This was necessitated by the need to assist more workers than what the network had currently been able to offer.
Additionally, the expansion in the legal team will result in cases brought to the network been handled faster.
ZimJustice had, of late, been overwhelmed by the large number of cases that unfairly treated workers had been bringing forward.
This led to a compassionate appeal for more lawyers to volunteer their expertise for this worthy cause – resulting in a very positive response.
However, ZimJustice still requests for more volunteer lawyers from outside the capital Harare, so as to enable unfairly treated workers from all across the country to have easier access to free legal services.
As Zimbabwe continues in an economic downward spiral, a disturbingly increasing number of workers find themselves receiving the short end of the stick from their employers – resulting in most of them living on the fringes of abject poverty.
Most workers are failing to provide the very basic necessities for their families, due to their employers’ unwillingness to pay them their dues.
Thousands of Zimbabwean workers have not been paid their salaries for months – if not years – whilst, at the same time expected to regularly report for duty.
Employers have dismissed thousands more – most of the time with scant regard for the law – yet, without paying such employees their terminal benefits.
To add insult to injury, numerous employers had been – and still are – deducting money from their employees’ salaries oestensibly for pensions and other funds – yet, reports reaching ZimJustice from these fund managers suggest that these employers never remitted the money.
A number of senior managers, at most companies that were apparently shutdown due to financial challenges, are receiving hefty salaries, whilst dismissed workers are left out in the cold.
The huge economic divide between the rich and the poor in Zimbabwe is not solely a result of national governance issues, but also due to preditory owners of capital who are sucking their workers dry – thereby, destroying a once vibrant middle class.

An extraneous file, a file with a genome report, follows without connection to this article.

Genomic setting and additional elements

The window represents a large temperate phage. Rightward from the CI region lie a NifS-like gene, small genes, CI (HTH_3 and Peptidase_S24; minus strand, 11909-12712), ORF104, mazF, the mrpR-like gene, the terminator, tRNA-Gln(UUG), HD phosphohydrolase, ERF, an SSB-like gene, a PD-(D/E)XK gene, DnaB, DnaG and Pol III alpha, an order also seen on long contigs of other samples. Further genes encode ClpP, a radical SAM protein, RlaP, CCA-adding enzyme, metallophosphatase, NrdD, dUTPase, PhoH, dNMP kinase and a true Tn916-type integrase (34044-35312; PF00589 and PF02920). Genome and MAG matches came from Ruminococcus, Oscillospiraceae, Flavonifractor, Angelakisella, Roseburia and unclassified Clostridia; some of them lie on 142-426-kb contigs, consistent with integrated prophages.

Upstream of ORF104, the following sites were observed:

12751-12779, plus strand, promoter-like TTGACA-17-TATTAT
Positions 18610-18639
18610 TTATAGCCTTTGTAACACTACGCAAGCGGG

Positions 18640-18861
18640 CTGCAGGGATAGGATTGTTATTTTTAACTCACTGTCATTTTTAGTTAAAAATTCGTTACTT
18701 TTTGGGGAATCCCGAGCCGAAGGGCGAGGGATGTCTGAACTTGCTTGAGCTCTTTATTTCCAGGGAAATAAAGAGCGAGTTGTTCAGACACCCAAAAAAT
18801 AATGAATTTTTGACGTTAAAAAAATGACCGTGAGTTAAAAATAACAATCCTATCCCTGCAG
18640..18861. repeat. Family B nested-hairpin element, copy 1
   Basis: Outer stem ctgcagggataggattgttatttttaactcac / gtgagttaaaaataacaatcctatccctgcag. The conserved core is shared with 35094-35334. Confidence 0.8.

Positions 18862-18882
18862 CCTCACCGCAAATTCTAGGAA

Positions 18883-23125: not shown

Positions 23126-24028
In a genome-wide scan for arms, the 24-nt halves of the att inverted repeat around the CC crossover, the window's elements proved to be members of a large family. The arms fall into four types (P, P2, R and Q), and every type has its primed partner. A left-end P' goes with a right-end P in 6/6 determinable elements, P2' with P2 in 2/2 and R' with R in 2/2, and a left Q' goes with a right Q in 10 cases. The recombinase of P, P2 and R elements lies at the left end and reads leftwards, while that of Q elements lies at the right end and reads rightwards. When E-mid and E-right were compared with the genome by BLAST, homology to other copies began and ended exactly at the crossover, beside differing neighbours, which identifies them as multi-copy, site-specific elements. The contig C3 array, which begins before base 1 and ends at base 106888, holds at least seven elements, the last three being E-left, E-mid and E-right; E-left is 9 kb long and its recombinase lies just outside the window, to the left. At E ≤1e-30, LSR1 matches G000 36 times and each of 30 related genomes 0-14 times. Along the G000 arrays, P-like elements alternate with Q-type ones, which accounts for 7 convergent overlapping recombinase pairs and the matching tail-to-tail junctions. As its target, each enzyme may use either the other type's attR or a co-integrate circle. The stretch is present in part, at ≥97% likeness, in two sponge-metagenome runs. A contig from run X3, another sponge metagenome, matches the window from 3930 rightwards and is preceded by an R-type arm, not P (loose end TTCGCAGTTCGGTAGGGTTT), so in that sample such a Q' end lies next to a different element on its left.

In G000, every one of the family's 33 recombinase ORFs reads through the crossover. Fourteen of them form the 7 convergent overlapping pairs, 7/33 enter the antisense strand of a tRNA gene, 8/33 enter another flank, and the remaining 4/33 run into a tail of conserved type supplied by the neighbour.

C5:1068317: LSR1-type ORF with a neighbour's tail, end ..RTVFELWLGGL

Workers have deligently toiled for these employers – some for over 4 decades – whilst, faithfully contributing to their companies’ pension funds, yet, after retirement they suddenly find themselves without even a cent to their names.
Employers’ miserly tendencies of hiding behind the prevailing economic meltdown in Zimbabwe hardly holds water any longer, as most of them still manage to live lavish lifestyles, at the expense of the very people who made that money for them.
This callous, and downright illegal behaviour by employers can not, and shall not, be allowed to fester.
ZimJustice will ensure that such issues are not only brought before the courts, through our legal team, but as social justice activists – who include investigative journalists – will strive to expose the shenanigans occuring in these companies that are resulting in the unfair treatment of workers.
As activists, we go beyond merely taking cases to the courts, but are also involved in lobbying relevant authorities and stakeholders, so that companies violating workers’ rights are dealt with beyond the courts.
Thus, ZimJustice has been involved in lobbying the International Labour Organisation (ILO), as well as other institutions as the Kimberly Process, against several companies that have abused their employees, or disregarded certain international and national statutes.
The time for the continued treatment of workers as second class citizens is over.
Workers are the pillars of any economy, and need the dignity they richly deserve restored.
Even a malignant economy such as Zimbabwe’s is still surviving – albeit, on a life support system – due to workers, be they in the formal or informal sectors.
As the saying goes: render to Ceasar what is Ceasar’s, let every worker be paid what they are owed – and only then can we boldly claim to be a civilised society, and not some medieval serfdom.Featured